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Michael A. Cohen

Amy Klobuchar’s bad behavior is indefensible

Democratic Senator and presidential candidate Amy Klobuchar greets local residents in Mason City, Iowa, Feb. 16. Charlie Neibergall/AP Photo/Associated Press

Over the years, I’ve had some lousy bosses, especially when I worked in politics (though never, of course, at The Boston Globe, where my editors are among the finest people I know — and perhaps the finest people on earth).

But working for Minnesota Senator — and now Democratic presidential candidate — Amy Klobuchar sounds like a uniquely horrible experience.

Over the past two weeks, multiple news outlets have reported on the toxic work environment in Klobuchar’s senate office. Based on interviews with eight former staffers, Buzzfeed called her office “a workplace controlled by fear, anger, and shame” in which Klobuchar “demeaned and berated her staff almost daily, subjecting them to bouts of explosive rage and regular humiliation.”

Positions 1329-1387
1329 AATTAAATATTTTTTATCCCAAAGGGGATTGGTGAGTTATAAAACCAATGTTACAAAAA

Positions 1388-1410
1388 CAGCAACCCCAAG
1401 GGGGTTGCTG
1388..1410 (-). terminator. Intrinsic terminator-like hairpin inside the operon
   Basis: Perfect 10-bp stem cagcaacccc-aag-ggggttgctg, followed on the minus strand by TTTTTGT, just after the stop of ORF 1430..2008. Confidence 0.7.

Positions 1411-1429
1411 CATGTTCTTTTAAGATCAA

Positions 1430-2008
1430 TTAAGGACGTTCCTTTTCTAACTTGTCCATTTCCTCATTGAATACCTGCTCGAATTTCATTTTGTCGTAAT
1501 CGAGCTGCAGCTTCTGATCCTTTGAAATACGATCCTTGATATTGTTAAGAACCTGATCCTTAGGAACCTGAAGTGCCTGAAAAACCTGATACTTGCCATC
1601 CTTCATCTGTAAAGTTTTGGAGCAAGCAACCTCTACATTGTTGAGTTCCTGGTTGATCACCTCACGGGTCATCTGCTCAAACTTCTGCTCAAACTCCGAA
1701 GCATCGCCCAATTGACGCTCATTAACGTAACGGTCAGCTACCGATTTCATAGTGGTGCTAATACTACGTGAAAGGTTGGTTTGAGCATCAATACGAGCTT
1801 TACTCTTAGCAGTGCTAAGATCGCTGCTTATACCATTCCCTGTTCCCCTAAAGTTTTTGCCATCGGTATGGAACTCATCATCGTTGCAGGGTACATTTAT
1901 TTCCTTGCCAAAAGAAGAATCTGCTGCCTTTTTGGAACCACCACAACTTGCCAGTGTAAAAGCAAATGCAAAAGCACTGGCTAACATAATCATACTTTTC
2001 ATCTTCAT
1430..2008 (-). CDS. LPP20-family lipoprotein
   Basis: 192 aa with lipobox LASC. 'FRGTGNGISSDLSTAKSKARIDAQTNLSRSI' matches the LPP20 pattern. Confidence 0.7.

She would criticize her aides for “word choice or grammatical issues” in press releases and tweets, wrote The New York Times. Staffers are subjected to “haranguing late-night phone calls” and “critical emails written in all caps,” sometimes with their colleagues cc’d on the missives, reports Yahoo News. Worse, Klobuchar allegedly would “grow irate at staffers who find work elsewhere, calling their new employers to have the offers rescinded.” Former aides regularly spoke of being driven to tears by Klobuchar’s behavior (even, as it should be pointed out, some former staffers defended her as a good boss).